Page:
The Department of Agriculture has begun an investigation at a Limerick farm after almost 400 calves were found dead.
The animals — predominantly Friesian and Jersey type bull calves — were discovered on the farm in the south of Limerick.
It is understood that the calves died due to a variety of issues, including disease and malnutrition. The discovery was made following a complaint from a neighbour over a smell coming from the farm.
An ISPCA spokesperson said: “The ISPCA was made aware of a situation allegedly involving a large number of dead calves on 29th August and has established that the matter is being dealt with by the Department of Agriculture, Food and the Marine (DAFM) and has offered its assistance to DAFM if required”.
A spokesperson for Limerick City and County Council said it has been made aware of an incident and is liaising with the Department of Agriculture, Food and the Marine.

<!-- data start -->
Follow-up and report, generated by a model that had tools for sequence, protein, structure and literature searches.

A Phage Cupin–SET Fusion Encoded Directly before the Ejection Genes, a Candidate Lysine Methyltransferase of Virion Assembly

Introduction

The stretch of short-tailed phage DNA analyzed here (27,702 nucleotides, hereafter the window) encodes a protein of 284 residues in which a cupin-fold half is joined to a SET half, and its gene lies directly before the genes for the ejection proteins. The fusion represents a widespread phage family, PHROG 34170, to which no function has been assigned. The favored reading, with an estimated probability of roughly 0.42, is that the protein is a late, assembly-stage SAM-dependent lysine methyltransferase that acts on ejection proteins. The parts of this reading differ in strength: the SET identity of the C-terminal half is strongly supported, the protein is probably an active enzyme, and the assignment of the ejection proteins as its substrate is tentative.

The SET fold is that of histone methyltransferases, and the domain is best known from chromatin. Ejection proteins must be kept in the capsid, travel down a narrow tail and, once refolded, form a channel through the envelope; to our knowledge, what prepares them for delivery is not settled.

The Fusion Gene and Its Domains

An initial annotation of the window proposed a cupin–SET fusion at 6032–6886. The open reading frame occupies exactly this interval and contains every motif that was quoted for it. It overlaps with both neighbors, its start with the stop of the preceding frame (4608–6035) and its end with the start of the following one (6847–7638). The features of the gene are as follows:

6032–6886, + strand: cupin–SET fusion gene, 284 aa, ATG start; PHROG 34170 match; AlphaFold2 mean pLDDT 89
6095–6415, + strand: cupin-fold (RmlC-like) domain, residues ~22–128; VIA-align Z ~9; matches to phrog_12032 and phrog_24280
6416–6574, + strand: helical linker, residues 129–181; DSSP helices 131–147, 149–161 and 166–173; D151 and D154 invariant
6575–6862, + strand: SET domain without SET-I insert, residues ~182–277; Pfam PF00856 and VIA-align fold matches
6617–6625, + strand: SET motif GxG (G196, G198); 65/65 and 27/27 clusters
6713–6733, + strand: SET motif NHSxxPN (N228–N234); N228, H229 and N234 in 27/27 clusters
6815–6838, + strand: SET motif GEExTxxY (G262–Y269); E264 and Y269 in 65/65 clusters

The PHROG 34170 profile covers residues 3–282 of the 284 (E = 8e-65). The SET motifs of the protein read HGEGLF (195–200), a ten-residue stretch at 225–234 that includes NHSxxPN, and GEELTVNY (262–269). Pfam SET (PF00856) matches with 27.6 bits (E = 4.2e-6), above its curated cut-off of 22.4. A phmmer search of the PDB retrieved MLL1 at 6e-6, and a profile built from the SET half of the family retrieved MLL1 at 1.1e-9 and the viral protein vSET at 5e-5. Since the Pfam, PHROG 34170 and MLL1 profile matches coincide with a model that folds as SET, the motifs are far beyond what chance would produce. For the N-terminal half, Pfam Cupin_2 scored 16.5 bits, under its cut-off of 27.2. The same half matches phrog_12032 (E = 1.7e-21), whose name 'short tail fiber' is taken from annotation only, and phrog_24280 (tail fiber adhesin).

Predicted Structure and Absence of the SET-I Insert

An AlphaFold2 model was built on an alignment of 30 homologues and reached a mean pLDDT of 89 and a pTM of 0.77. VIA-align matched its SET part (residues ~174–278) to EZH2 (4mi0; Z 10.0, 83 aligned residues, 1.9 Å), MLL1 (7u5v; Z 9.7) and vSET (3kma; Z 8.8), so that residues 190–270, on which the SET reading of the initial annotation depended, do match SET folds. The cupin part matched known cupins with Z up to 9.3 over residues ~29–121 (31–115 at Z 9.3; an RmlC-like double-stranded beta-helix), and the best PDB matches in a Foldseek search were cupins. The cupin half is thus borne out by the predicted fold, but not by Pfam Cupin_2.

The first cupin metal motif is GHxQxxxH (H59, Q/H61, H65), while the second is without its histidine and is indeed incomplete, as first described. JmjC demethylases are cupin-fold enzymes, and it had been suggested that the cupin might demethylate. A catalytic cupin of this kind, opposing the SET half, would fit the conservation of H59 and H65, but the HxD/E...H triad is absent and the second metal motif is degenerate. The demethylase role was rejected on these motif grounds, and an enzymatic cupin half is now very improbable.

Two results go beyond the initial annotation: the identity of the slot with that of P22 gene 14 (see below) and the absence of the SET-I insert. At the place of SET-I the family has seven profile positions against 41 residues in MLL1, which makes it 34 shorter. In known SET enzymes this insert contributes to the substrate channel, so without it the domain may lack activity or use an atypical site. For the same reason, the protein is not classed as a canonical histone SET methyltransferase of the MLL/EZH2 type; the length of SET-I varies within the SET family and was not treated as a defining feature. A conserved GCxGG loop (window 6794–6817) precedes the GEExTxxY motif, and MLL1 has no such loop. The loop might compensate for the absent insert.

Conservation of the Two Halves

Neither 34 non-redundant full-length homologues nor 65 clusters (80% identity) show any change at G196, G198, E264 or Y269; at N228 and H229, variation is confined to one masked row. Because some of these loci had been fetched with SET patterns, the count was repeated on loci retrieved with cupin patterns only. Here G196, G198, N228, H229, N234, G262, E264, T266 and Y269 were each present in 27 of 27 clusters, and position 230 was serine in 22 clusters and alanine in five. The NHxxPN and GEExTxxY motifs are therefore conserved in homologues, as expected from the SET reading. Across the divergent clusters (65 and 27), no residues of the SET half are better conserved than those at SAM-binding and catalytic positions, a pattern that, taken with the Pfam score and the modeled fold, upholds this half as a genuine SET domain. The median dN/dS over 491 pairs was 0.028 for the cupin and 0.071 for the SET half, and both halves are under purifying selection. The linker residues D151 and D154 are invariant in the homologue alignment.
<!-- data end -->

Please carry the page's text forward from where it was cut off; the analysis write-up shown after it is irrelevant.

Last year, 270 dead calves were discovered on a farm specifically set up as a calf rearing unit in northeast Galway. The calves had died as a result of disease and malnutrition and the Department launched an investigation into the matter. At the time, the incident was viewed as one of the biggest animal welfare incidents in the history of the State.
Animal welfare regarding Friesian and Jersey dairy bred bull calves has been an ongoing concern for the dairy industry in Ireland which prides itself on welfare standards. Typically dairy bull calves are low value animals, with poor potential to fatten for the beef trade due to their dairy genetics. Roughly 200,000 of these types of calves are exported every year to veal farms in continental Europe while those that remain are sometimes sold for as little as €5 each.
Since the abolition of dairy quotas in 2015, the number of dairy cows in the country has been increasing.
Figures from the Department of Agriculture show that there are nearly half a million more calves born to dairy dams every year — an increase of 46 per cent since 2011.